Eucalyptus Oil: Where does it come from?


Family to the melaleuca tree, the eucalyptus tree belongs to the myrtle family. Both trees have characteristically fragrant leaves that contain powerful essential oils. doTERRA Eucalyptus, Eucalyptus radiata, has a peppermint-like aroma, which is used to help clear the mind, promote relaxation and vitality, and allow for feelings of clear breathing and open airways. Find out more ways to use Eucalyptus oil on our uses and benefits page.

Eucalyptus oil hails from Australia, where various parts of the tree from its bark to its leaves were and are used by the Aboriginal and Torres Straight Islander peoples for tools, shields, musical instruments, and health purposes.

The Survivor


Australia is home to almost all 700 known species of eucalyptus trees. These various species can dramatically range in height, anywhere from 30 to 200 feet high. The tallest eucalyptus tree, the Mountain Ash, can reach over 301 feet. The eucalyptus radiata tree is typically about 98 feet tall, sometimes reaching up to 164 feet.

Anywhere the trees are planted in the world, they consume a large amount of water. Explorers brought the eucalyptus tree to California in the late 1800s with high hopes of providing a source of fuel through timber, and reducing malaria by draining swamps. The tree proved to be indestructible, adopting itself to the land, consuming large amounts of water. Unfortunately they also have an allelopathic effect on the environment, meaning they inhibit other plant-life from growing nearby. Disputes have been raised regarding the removal of these trees, as they also act as tinder in the dry and fire-prone state.

When it comes to fire, the trees are uniquely adapted to surviving. Dormant shoots deep inside the tree only germinate when triggered by the high heat of fire. This means that they grow back fairly quickly, as compared to other plants that take much more time to recover after a fire.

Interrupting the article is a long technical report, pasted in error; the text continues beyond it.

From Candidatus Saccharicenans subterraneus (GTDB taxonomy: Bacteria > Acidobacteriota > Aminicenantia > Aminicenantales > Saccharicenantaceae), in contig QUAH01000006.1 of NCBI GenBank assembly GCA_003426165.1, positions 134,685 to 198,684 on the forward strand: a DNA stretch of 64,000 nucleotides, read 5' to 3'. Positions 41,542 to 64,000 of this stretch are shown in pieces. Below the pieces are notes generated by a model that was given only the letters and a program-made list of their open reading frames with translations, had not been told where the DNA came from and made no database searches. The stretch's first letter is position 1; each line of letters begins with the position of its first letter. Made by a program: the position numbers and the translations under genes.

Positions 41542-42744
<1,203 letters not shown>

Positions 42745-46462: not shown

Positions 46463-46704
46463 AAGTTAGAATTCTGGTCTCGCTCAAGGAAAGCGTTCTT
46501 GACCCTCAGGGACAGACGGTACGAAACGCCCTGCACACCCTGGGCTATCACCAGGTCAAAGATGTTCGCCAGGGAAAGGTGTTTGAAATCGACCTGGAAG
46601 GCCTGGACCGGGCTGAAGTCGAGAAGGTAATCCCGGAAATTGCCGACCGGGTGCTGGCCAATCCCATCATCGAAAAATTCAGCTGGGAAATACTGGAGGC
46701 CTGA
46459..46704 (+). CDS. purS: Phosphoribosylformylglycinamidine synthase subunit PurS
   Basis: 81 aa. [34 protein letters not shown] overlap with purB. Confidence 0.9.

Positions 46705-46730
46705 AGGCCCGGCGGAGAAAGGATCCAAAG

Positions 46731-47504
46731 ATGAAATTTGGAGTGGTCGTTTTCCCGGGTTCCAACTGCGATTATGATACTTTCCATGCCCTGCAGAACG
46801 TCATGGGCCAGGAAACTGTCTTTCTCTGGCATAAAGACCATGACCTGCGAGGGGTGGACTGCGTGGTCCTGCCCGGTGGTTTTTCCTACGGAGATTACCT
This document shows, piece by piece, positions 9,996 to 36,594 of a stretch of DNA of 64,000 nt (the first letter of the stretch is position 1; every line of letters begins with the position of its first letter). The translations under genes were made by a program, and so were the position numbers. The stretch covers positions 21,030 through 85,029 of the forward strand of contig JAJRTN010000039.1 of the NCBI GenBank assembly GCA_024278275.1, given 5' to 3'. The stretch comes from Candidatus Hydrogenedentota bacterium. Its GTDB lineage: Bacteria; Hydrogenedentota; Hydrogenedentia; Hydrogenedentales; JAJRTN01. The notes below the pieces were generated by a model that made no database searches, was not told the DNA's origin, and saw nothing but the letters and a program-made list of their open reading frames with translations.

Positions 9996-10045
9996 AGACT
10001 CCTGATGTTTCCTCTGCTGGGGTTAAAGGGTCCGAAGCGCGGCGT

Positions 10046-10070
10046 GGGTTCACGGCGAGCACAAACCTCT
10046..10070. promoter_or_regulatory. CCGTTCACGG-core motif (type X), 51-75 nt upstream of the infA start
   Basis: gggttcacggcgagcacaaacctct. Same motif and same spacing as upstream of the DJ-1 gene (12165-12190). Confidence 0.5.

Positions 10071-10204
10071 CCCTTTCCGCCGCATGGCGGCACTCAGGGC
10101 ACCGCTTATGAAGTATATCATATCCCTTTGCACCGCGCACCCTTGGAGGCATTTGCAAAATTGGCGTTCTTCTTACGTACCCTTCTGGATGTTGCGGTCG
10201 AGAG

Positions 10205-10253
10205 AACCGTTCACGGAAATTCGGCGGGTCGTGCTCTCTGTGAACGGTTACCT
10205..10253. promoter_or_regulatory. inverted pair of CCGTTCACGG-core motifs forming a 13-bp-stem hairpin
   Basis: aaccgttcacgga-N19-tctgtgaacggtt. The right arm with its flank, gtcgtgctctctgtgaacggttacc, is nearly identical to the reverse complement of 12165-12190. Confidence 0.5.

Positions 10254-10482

Koala-fication


Anytime you see a picture of a koala, it’s in a tree. The tree you see it spending its time in is none other than the eucalyptus tree. This is because the koala can survive on a diet of eucalyptus leaves, regardless of the fact they’re low in nutrition, though it’s particular about the species of eucalyptus it will eat. The leaves of the eucalyptus also contain protective poisons toxic to leaf-eating animals, insects, and humans if taken internally in large amounts. These poisons are harmless to koalas, as their digestive systems are able to detoxify the leaves.

Blue is in the Air

In the Blue Mountains of Australia a unique, blue haze can be seen from far away, giving the mountains their name. But it’s not quite a mystery why—thanks to the high number of Eucalyptus trees that grow there, finely dispersed oil droplets are in the air that combine with dust and water vapor. This combination then scatter rays of light and creates the haze that is blue in color.

The Eucalyptus oil that we all know and love comes from these same copious oil glands on the leaves that produce the blue haze. The oil is collected by steam distillation. The steam passes through the leaves, carries the aromatic compounds into a collecting tube, and then becomes water again as it cools. The essential oil, being unable to dissolve in water, is then easily removed from the water.


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